Have you ever heard the one about the Englishman, Irishman and Scotsman walking into a pub? Course you 'ave, because if you've ever been into a pub in this country, you'll know there's always at least one person who tells the same jokes over and over and over and thinks they're the funniest thing on the planet.

Well, collectively, that's exactly what Britain is up to at the moment. The joke? Storm Eileen (read on before you complain) is coming to Britain. Eileen. Coming. Coming to. Oh, come on!!

Yes! You finally got it. Come on Eileen.

Although it was released in 1982, Dexys Midnight Runners hit Come on Eileen has been a staple of weddings, birthday parties and school discos ever since. Its feel-good chorus is the stuff of singalong dreams. The image of Kevin Antony Rowland dressed as a rag and bone man getting jolly in the streets of Kennington while his band play accordions, violins and a bit of string on a stick creates a lovely sense of folkish, barnstorming fun. Come on Eileen? Maybe I will.

And with news that the UK is about to be hit by a 75mph storm (bantz), the internet has gone into overdrive. Everyone and his dog is making the same joke over and over in Gif and Twitter form.



So what the funk? Basically, a lot of people have been posting images and stills from the 1982 Number One hit single and tittering to themselves in the belief that they're the first person to do so.

Unfortunately, for many people in Scotland, the top bantz of the internet is likely to be no laughing matter, with warnings of severe flooding set to follow 1.2-1.5 inches of rain in the south-west of the country and warnings that shit (technically known as debris) could be flying around left, right and centre.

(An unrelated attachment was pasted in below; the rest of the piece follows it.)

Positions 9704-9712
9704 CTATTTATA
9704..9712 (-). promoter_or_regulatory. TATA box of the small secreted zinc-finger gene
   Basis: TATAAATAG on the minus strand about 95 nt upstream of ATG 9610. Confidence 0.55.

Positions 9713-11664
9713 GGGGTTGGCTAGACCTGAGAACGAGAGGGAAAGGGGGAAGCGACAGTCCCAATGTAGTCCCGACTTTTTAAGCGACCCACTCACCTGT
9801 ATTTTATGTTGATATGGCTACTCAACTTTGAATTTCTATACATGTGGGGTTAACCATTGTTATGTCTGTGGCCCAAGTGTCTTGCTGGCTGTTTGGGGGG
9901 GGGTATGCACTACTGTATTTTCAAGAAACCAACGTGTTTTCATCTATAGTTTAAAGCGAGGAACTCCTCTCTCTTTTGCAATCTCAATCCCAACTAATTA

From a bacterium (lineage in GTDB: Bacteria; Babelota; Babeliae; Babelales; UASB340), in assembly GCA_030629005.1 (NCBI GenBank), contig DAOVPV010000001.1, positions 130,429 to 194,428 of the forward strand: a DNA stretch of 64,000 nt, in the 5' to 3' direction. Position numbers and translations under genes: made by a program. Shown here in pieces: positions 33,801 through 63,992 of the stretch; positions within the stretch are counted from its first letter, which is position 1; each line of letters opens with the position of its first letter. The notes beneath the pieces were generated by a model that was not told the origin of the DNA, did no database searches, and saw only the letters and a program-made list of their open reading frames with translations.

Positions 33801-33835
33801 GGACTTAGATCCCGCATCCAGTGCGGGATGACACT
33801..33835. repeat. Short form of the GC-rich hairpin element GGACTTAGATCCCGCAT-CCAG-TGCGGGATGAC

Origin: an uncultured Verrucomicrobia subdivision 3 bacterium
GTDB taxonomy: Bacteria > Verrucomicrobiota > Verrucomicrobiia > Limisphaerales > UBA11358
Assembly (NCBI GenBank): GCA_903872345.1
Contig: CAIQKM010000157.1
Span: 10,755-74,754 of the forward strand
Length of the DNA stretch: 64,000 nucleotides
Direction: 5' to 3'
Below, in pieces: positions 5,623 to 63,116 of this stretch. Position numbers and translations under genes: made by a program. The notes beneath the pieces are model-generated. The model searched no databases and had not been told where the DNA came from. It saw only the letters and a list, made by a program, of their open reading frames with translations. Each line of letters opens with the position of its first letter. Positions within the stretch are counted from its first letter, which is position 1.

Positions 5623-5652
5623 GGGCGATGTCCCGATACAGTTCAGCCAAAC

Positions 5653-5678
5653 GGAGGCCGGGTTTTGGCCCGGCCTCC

Annoyingly for spelling pedants, the storm is actually called Storm Aileen. So, technically, all references to the Dexys Midnight Runners classic - voted 18 on VH1's 100 Greatest Songs of the '80s - are technically null and void. But we can't let that get in the way of a good viral bandwagon now, can we? For anyone interested in further reading on rain-related music, here's a rundown of the best artists/songs to be found in the sodden genre:

  • Stormzy - Actual name Michael Ebenazer Kwadjo Omari Owuo, Jr; the grime star chose his moniker after a school trip to Cowdenbeath, where it rained cats and dogs for two days solid, forcing him to stay indoors and pen his first mad vicious grime lyrics. Almost all of the words above are categorically false.
  • Purple Rain - Perhaps Prince's most famous song, Purple Rain is a critique of what the artist formerly known as Squiggle saw as rampant corporate pollution, with acid rain turning purple due to carbon emissions from factories in his native Minnesota. The previous sentences are categorically untrue.
  • Singin' in the Rain - the 'rain' in the video for this song is actually milk, because translucent water couldn't be made out on black and white film at the time. That is categorically true.
  • Wet Wet Wet - The Scottish band were originally just called Wet Wet, but were forced to change their name because a Jazz Funk band from Burkina Faso already had it. That sentence is categorically untrue.
  • Fool in the Rain - One of Led Zeppelin's most funnest (and best) songs. That sentence is categorically untrue.

Come on Aileen!!!

Words: Ronan O'Shea

Featured Image Credit: PA Images

Mel Ramsay

Mel Ramsay is the Senior Journalist at PRETTY52 but has worked at LADbible Group as part of the LADbible editorial team since 2015. She started her career writing obituaries and funeral guides online. Since then, her work has been published in a wide variety of national and local news sites. She is part of the BBC's Generation project and has spoken about young people, politics and mental health on television, radio and online. Contact her - [email protected]

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